Best Practices and Diligence Considerations
Although the Multi Family Office landscape is changing, the more resilient and time-tested MFOs typically exhibit common characteristics. Ultimately the most important factor to evaluate is their advocacy as a fiduciary for their clients (versus their veracity as asset gatherers). This evaluation includes both the way they demonstrate their ability to act and advise in your best interest, but also their awareness and transparency regarding conflicts of interest (especially when it comes to the services they are financially rewarded or incentivized toward). Taking extra qualitative steps as a fiduciary to flag or avoid conflicts is often what separates the best from the rest. In order to assess the strengths and weaknesses of any particular MFO, we recommend using the following three lenses: 1. Fees; 2. Business Structure and Ownership; and 3. Typical Client Profile.
The most important aspect of an MFOs fee structure is its transparency and alignment. The structure should be completely transparent and easy to understand. There are two common structures: a). AUM Based Fee (typically ~1% p.a.) or b). Base Retainer, with an à la carte menu of services that have associated costs.
a). The biggest challenge for the AUM based fee model is twofold: first, the MFO’s ability to balance its desire to increase AUM, by finding new clients, with the necessity to best serve the existing client base. And second, the fact that the MFO is providing non-investment service work under the aegis of an investment service fee structure. This leads to the situation where the MFO looks more like an RIA “with a worse business model,” since AUM fees are directed toward business lines that themselves are not revenue generating (and are essentially loss-leaders for the core investment management service). The biggest strength of the AUM fee model is its simplicity: one fee charged once per year and in turn you have complete access to every service the business offers (and then some). This level of transparency, at its best, can help facilitate a unique kind of bond between the family and the Multi Family Office team, where the family feels comfortable bringing any kind of project or vision to the MFO for discussion and execution.
b). A base retainer plus services menu model solves some of the problems of the AUM model but is not without its own challenges. Chief among these is complexity and the uncapped nature of the potential cost to the family. Service items can be complex and adding a layer of scoping and pricing of projects on a case-by-case basis adds negotiation and deliberation that can slow down operations. From the perspective of behavioral economics, individuals may become deterred from important work simply because they believe the costs are too high, or they can’t get comfortable with the scope of work process. Although this model has the potential to allow a family to specifically tailor services to their needs, it risks a financial barrier between the MFO team and the family, which can extend to matters of trust (especially if the family feels like every problem they raise ultimately leads to a discussion of scope of work and additional cost).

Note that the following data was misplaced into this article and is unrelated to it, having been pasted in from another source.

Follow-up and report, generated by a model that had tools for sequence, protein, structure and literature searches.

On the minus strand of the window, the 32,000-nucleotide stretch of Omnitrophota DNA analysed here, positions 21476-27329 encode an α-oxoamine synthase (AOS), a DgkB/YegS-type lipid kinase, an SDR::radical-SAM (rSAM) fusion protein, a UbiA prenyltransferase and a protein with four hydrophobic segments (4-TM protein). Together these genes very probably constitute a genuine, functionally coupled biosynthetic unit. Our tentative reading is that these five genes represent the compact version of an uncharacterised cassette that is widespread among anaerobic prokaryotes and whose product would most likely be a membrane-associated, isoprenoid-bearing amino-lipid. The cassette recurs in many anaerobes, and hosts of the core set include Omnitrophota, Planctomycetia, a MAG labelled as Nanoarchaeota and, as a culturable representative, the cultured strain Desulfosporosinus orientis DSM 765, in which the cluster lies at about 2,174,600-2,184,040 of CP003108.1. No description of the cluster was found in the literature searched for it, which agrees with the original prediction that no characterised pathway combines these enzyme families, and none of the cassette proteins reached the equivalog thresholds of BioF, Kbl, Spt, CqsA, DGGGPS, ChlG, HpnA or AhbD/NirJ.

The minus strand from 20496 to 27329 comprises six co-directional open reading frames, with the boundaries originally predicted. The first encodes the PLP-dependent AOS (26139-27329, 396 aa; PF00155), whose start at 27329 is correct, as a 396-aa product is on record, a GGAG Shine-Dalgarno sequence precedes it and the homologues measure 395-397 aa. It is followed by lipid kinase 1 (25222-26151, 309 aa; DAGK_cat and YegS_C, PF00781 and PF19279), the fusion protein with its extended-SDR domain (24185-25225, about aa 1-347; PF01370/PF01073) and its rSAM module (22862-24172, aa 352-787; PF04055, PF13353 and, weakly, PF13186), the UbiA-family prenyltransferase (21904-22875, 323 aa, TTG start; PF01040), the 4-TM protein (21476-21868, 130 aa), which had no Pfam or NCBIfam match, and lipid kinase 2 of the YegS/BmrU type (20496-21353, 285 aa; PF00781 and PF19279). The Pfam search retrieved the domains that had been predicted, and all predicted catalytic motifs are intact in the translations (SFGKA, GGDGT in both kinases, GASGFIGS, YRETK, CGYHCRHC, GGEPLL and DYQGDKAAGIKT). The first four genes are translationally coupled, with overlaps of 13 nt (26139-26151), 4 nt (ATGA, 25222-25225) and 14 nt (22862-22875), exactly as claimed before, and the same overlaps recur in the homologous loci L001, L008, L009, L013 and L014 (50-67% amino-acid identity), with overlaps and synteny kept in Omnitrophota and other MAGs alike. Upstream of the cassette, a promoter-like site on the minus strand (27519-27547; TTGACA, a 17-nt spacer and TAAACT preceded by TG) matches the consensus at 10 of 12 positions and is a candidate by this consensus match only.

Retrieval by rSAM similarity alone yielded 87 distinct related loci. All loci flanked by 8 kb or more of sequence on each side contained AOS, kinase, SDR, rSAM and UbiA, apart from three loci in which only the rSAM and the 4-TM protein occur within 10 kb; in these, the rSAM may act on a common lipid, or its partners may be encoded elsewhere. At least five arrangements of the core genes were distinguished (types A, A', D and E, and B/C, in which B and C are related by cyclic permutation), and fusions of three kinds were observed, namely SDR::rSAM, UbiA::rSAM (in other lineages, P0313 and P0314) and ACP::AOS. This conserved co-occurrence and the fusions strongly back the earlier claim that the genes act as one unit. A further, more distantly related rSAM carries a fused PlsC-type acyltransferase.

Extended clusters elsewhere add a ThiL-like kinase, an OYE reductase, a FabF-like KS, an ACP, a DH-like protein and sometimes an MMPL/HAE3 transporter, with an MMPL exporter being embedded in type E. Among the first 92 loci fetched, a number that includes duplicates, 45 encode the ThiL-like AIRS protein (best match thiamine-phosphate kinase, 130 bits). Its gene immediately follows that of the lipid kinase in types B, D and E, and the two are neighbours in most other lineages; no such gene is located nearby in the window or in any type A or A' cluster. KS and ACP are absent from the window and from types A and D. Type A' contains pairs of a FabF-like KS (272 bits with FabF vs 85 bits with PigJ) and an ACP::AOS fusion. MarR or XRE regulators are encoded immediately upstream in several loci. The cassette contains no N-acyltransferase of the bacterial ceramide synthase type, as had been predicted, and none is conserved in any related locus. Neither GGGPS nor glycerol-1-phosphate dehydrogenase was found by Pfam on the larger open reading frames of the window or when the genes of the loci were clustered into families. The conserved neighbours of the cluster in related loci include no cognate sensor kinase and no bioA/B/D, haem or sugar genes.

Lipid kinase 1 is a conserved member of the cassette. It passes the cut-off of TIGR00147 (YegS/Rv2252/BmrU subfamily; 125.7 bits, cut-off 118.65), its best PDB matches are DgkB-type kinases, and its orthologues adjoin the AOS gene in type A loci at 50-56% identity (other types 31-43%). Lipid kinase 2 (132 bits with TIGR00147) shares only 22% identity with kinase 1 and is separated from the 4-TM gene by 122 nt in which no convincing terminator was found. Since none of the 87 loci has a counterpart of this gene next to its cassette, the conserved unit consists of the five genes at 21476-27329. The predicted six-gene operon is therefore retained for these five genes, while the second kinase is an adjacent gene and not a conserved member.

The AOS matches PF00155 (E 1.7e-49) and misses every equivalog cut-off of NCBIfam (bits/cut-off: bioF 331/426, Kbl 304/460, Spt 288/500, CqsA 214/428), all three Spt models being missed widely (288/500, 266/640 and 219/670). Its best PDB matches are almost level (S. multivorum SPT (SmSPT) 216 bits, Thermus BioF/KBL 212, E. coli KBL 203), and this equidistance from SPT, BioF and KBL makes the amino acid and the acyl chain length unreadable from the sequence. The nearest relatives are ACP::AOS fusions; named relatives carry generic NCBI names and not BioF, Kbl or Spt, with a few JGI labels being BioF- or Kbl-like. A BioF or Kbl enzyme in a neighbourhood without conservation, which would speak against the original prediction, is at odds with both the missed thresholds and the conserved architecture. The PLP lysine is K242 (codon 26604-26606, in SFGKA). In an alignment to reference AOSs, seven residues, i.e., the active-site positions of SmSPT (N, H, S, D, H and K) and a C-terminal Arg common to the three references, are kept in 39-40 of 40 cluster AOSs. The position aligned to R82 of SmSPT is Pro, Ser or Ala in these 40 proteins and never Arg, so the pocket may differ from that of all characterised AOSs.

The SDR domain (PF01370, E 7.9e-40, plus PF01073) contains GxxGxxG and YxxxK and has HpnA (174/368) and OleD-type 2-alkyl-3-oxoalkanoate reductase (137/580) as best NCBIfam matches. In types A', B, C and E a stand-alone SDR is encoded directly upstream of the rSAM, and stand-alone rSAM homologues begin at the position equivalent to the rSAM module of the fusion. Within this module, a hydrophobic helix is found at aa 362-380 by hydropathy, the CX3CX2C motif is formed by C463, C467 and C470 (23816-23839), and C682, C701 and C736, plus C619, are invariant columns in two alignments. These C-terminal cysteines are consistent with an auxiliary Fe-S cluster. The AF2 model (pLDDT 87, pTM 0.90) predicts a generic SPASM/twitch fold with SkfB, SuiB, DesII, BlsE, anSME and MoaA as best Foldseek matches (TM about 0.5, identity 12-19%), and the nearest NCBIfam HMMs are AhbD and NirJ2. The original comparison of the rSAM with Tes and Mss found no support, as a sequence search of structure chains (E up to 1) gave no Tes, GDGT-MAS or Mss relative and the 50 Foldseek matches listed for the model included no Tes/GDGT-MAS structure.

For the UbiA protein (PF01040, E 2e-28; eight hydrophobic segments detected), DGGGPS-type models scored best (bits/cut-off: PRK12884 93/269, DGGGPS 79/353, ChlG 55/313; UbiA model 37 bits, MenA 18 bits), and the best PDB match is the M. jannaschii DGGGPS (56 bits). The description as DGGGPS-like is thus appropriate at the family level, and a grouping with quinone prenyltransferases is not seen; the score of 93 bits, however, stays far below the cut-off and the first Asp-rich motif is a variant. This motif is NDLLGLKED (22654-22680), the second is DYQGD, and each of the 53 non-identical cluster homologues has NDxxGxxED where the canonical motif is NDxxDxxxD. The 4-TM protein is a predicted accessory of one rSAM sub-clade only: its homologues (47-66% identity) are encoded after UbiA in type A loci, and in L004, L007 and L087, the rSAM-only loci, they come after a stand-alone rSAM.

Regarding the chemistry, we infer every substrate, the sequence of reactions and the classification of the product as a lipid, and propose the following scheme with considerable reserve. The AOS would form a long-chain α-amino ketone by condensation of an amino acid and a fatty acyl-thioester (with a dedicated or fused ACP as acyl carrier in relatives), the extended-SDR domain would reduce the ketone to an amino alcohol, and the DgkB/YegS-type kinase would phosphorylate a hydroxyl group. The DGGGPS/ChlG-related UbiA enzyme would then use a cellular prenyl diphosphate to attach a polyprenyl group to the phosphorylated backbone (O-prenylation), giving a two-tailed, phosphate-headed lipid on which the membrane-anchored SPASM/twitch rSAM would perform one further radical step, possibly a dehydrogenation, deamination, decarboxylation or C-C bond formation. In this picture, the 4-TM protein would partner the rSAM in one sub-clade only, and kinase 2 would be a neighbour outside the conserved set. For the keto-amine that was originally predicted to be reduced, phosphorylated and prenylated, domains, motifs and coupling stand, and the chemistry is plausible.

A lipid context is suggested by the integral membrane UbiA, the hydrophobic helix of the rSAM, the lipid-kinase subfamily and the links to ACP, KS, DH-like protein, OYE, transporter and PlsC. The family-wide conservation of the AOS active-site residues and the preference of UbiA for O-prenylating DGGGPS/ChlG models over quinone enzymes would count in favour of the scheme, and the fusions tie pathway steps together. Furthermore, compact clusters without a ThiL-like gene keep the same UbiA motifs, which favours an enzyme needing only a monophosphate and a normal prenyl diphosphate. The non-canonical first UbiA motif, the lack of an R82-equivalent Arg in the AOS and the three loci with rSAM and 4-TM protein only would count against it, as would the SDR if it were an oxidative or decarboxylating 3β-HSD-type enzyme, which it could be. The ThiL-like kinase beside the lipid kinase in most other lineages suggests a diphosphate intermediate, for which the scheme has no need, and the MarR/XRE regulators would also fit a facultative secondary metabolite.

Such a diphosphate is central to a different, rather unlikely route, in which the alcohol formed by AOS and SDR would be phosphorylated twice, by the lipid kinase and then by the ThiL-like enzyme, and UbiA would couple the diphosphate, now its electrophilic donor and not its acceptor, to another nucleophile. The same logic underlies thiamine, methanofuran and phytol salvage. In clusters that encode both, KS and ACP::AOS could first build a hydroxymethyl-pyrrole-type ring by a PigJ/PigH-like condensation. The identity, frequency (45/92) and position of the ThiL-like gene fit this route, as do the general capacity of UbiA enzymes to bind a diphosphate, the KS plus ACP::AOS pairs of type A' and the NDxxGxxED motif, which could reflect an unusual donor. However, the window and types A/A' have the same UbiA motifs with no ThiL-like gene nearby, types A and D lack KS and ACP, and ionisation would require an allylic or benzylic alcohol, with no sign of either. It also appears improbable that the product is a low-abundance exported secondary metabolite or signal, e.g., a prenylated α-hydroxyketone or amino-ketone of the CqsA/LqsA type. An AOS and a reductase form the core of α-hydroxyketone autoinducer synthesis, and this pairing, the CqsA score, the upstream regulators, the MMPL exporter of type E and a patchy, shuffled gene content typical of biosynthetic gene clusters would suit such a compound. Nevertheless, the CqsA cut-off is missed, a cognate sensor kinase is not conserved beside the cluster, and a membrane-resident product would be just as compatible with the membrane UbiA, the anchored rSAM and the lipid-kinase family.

A common way to split the difference between these two models is simply to charge AUM on actively managed assets and then also charge a retainer fee for the broad spectrum of services that the MFO provides. While this blend creates an added layer of complexity, it can help separate out conflicts of interest associated with paying for non-investment services through investment performance. A detailed service level agreement can also help!
2. Business Structure and Ownership
As a general principle, MFOs that are privately owned and operated tend to be more aligned with the needs of their family office clients. Private ownership is important, if only for the fact that public ownership puts shareholder outcomes above all else. The quarterly demand to show growth and profitability to shareholders does not usually align with the long-term design and strategy for families thinking about multi-generational legacy (or even simply a structured philanthropic wind-down process for the founders to give much of their wealth away in their lifetime).
An equally important aspect from a business design perspective is how the office handles sales and client service. The most effective way to manage an AUM model is to separate the Sales division from Client Service division. This division of labor allows the sales team to focus wholly on finding new families that the business can serve, while the client services division can wholly focus on serving the current clients to the best of their abilities. Conflicts of interest emerge when individuals are required to recruit new families while also serving current families. This is not a strict “red flag,” but when evaluating a Multi Family Office that mixes sales with services, take extra time to understand how the business manages this inherent tension. Finally, how does the MFO identify, attract, and retain top talent? Is there a lot of turnover within the client services division and are the current employees happy, efficient and friendly?